<< Not all revealed truth is propositional and abstract. Jesus Christ, the Word made Flesh, is not a proposition nor an abstraction. But that's an easy one that nobody would even think of disputing. For more examples of non-propositional, non-abstract revealed truth, see the historical and poetical books of the Old Testament, or the apocalyptic of the prophetic books. There are propositions contained in these books, but the form of the revelation in these books is not itself propositional. I.e., narrative and verse are not propositions. In the world that God made (as opposed to the world that the Greeks wished the gods had made) "truth" simply is not confined to propositions, but takes all kinds of other forms as well. In particular, it takes forms that relate to beauty and goodness, and the trio thus make up "the three faces of culture." >>
I don't know if our disagreement here is merely semantic or goes deeper than that. You seem to be confounding truth itself with a mode or medium of communication.
Yes, Jesus Christ, as God incarnate, is also truth incarnate. Jesus is, to that extent, a concrete object.
But as an object of faith--as an epistemic rather than ontological object--we know him by description rather than acquaintance. To believe in Christ is to believe in certain revealed propositions about Christ.
To contrast propositional revelation with a variety of literary genres is a false dichotomy. Figurative usage is still propositional. There is, first of all, the meaning of the figurative usage itself. Then there's the literal referent for which it stands. At both levels it is asserting something to be the case. The language remains referential and assertoric. The same can be said of narrative theology.
<< Many times we act out of trust or lack of trust of people. Even if or when the basis of authority is an abstract proposition (which is not always, as I've said) it is acted on by people. Proposition as cannot be RIGIDLY separated from people. This is an implied endorsement of gnosticism in the sense of the elevation of "more important mind" (or "spirit") over "mere matter." That's the problem with all the proposition-talk in Reformish circles: it's not that there are no propositions in Christianity and that they aren't important, it's just that Christianity isn't REDUCIBLE to propositions. >>
I don’t know who you’re shadowboxing with when you set things up this way. Who is saying that propositions can be “rigidly” separated from people? Who is saying that Christianity is “reducible” to propositions?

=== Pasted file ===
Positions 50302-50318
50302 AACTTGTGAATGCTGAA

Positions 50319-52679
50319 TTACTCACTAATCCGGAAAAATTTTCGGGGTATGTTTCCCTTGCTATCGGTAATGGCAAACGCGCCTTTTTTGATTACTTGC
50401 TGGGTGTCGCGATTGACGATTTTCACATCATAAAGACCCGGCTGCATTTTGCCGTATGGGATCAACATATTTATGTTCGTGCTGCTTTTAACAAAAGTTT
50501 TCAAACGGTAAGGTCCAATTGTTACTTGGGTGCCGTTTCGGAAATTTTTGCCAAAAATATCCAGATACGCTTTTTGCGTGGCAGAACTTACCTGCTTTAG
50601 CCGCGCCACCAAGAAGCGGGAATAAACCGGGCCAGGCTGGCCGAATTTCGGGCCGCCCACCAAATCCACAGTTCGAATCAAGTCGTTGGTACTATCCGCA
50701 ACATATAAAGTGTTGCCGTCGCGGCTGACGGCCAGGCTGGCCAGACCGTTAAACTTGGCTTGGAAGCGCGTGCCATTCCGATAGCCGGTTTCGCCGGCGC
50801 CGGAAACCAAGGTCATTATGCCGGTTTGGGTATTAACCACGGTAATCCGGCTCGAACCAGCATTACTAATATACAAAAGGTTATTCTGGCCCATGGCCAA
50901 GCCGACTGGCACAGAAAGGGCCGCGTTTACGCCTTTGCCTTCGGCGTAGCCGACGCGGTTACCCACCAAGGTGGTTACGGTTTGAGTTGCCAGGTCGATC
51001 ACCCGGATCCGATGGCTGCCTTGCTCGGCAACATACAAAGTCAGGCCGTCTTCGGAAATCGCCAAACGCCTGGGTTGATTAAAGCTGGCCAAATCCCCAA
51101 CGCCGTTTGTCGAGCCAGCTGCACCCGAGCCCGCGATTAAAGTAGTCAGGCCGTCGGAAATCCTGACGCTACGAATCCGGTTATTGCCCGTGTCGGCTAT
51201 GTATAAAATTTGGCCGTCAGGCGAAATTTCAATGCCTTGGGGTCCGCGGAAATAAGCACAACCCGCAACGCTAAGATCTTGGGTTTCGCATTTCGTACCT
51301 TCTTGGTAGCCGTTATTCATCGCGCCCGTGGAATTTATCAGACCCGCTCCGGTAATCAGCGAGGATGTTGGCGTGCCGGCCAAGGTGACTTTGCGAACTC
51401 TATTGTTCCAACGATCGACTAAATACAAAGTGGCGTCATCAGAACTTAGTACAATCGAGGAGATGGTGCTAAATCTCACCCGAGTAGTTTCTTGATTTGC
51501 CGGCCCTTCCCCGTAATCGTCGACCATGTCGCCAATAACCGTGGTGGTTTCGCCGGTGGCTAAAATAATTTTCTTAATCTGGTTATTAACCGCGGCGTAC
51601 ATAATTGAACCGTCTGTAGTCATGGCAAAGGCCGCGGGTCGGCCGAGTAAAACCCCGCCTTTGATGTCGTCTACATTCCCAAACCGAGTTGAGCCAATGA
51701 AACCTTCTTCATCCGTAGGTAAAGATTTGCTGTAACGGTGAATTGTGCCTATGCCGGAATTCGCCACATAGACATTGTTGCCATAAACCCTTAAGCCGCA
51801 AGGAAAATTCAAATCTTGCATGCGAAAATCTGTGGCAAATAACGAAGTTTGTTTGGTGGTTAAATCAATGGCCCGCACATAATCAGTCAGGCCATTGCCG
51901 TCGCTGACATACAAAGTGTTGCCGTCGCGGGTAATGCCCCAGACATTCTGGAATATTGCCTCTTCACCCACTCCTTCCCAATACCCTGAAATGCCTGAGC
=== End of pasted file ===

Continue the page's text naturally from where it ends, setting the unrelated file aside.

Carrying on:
Except for hyper-Clarkians, I don’t know anyone in the Reformed community who takes such an extreme view.
Yes, there’s more to faith than bare belief or sheer knowledge. There is also the element of trust. But trust in what? What is the relation between belief and trust? Trust is the measure of my confidence in the truth of what I believe. Otherwise, I would not be acting on it.
<< In fact, against your friends James White and Eric Svendsen I have often deployed Warfield's illustration of revelation being like light poured through stained-glass windows as proof that their rather odd concept that mediating factors on our thinking such as history and culture make knowing truth and doing exegesis impossible. >>
Well, I can’t speak for White or Svendsen, yet I agree with you that Cartesian exegesis is impossible. But whoever denied the role of “mediating factors” like history and culture? Does anyone of worth on the opposing side deny that general proposition? Doesn’t the issue come down to the precise nature of the relation, and not the existence of the relation itself?
Isn’t Svendsen, for one, conversant with the history of interpretation? Doesn’t he take that into account when he exegetes Scripture? Isn’t Svendsen conversant with the life-situation of Scripture? Doesn’t he take that into account when he exegetes Scripture?
At the same time, there can be a conflict between the original setting and the history of interpretation. We cannot absolutize history and culture to the point where they trumps original intent or substitute a situational context alien to the original setting.
Scripture must be in a position to correct church history and correct social conditioning. We are not enslaved to our social conditioning. We can become self-aware of the mediating factors that shape our outlook. And that enables us to compare and contrast our historical viewpoint with the viewpoint Scripture, which--in turn--enables us to bring our sociological perspective in line with the word of God. So I’m still unclear on what you find fault with in the opposing position.